A Scots mum had a dramatic birth experience when she had to deliver her baby on the side of the A9 after the ambulance that was taking her to the hospital broke down. The mum, who wished to remain anonymous, said she was terrified and in pain as she gave birth to her son in the freezing cold.
A sudden labour
The mum, who lives in Inverness, said she went into labour around 5am on February 12, 2024. She called her husband, who was working in Aberdeen, and told him to come home as soon as possible. She also called the Scottish Ambulance Service and requested an ambulance to take her to Raigmore Hospital.
She said: “I was having contractions every five minutes and they were getting stronger and stronger. I knew I didn’t have much time. The ambulance arrived around 6am and the paramedics were very nice and reassuring. They helped me into the ambulance and we set off for the hospital.”
A breakdown on the A9
However, things took a turn for the worse when the ambulance broke down on the A9 near Aviemore, about 30 miles away from the hospital. The mum said: “The ambulance just stopped and the paramedics told me there was a problem with the engine. They tried to restart it but it wouldn’t work. They called for another ambulance but they said it would take at least 20 minutes to get there.”
The mum said she was in agony and felt the urge to push. She said: “I was screaming and crying. I was so scared. I didn’t know what was going to happen to me or my baby. The paramedics tried to calm me down and told me to breathe. They said they would help me deliver the baby in the ambulance.”
A roadside delivery
The mum said she had no choice but to give birth to her baby on the side of the road, with cars and lorries passing by. She said: “It was the most horrible experience of my life. It was freezing cold and dark. I could hear the traffic and the wind. I felt so exposed and vulnerable. The paramedics did their best to cover me with blankets and towels, but it was not enough. I was shivering and shaking.”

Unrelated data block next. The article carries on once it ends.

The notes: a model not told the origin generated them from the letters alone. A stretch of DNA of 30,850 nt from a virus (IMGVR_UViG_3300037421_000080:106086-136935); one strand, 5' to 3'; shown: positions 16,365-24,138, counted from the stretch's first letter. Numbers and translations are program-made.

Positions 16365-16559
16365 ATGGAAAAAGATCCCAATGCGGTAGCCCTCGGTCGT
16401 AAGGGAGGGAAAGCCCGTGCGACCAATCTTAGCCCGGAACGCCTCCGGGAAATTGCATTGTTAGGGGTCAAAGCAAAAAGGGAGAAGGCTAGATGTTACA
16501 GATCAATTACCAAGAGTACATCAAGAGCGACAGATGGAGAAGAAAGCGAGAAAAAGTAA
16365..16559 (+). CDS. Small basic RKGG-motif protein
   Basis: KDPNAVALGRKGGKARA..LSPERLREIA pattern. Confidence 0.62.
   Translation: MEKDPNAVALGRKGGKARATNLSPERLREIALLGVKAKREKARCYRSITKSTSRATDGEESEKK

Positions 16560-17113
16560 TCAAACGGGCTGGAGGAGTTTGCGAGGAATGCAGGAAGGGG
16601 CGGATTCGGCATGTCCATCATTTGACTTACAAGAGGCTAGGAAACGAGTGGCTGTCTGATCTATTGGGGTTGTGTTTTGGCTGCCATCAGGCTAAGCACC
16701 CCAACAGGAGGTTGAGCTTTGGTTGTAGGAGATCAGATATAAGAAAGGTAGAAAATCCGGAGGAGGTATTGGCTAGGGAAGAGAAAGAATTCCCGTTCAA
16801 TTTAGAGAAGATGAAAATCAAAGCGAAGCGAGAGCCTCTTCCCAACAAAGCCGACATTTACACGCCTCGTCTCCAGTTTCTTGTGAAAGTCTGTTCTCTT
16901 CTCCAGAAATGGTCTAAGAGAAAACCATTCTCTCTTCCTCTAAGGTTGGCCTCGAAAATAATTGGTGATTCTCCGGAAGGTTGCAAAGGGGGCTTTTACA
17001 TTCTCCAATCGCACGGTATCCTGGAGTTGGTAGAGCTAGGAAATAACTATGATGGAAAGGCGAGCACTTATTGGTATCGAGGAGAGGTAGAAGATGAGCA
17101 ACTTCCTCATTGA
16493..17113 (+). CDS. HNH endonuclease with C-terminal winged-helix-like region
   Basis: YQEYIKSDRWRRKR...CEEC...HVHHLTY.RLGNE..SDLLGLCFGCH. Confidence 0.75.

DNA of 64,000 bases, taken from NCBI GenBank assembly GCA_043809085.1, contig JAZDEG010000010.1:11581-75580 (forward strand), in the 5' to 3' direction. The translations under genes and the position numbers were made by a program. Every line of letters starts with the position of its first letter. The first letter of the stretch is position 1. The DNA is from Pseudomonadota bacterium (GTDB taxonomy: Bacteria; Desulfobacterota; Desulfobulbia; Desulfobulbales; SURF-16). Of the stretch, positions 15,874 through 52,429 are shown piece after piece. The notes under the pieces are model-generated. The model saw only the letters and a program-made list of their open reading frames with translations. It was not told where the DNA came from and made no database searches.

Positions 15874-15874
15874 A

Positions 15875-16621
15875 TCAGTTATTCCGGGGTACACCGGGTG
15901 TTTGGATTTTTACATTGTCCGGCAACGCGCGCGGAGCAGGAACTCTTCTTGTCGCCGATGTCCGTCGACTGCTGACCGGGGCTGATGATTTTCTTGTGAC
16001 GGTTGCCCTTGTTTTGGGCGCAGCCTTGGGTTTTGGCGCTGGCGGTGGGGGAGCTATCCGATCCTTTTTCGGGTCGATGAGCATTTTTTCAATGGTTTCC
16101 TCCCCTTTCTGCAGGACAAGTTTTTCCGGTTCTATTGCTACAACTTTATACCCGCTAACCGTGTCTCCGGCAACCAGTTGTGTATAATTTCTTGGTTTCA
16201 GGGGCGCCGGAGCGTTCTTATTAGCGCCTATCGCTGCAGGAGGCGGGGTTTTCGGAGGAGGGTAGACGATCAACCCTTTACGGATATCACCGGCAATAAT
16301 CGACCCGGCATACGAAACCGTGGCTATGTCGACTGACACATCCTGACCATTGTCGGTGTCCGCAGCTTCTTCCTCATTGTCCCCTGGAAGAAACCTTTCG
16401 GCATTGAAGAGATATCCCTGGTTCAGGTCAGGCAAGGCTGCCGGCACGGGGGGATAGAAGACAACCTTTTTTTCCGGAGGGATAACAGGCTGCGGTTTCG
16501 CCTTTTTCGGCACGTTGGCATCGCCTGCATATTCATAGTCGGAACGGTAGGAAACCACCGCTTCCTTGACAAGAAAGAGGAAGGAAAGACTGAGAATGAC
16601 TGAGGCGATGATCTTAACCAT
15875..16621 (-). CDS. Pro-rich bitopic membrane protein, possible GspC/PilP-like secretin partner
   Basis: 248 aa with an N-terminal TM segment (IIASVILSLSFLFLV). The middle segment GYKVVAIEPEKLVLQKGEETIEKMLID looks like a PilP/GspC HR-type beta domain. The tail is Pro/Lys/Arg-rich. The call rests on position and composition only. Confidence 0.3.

She said the delivery was quick and painful, and she gave birth to a healthy baby boy around 6:30am. She said: “The paramedics checked the baby and said he was fine. They wrapped him in a blanket and put him on my chest. He was so tiny and beautiful. I was so relieved and happy to see him. He was the only thing that mattered to me.”
She said the second ambulance arrived shortly after and took her and her baby to the hospital. She said: “The paramedics from the second ambulance were very kind and caring. They congratulated me and said I was very brave. They took us to the hospital and made sure we were okay.”
A happy ending
The mum said she and her baby were discharged from the hospital the next day and reunited with her husband and their two other children. She said: “My husband was so worried and upset when he heard what happened. He was so happy and proud when he saw our baby. He said he was the most precious gift ever. He gave him the name Callum, which means ‘dove’ in Gaelic. He said it was a symbol of peace and hope.”
She said she was grateful to the paramedics who helped her deliver her baby and saved their lives. She said: “They were amazing. They were so professional and compassionate. They did everything they could to make me comfortable and safe. They were my heroes. I can’t thank them enough.”
She said she was also thankful to the Scottish Ambulance Service for their apology and compensation. She said: “They said they were very sorry for what happened and that it was a rare and unfortunate incident. They said they would investigate the cause of the breakdown and take measures to prevent it from happening again. They also offered me a compensation of £10,000 for the distress and trauma I suffered. I accepted it because I thought it was fair and reasonable.”
She said she was now recovering from the ordeal and enjoying her time with her family. She said: “It was a nightmare, but it had a happy ending. I have a beautiful baby boy who is healthy and strong. He is a miracle. He is my sunshine.”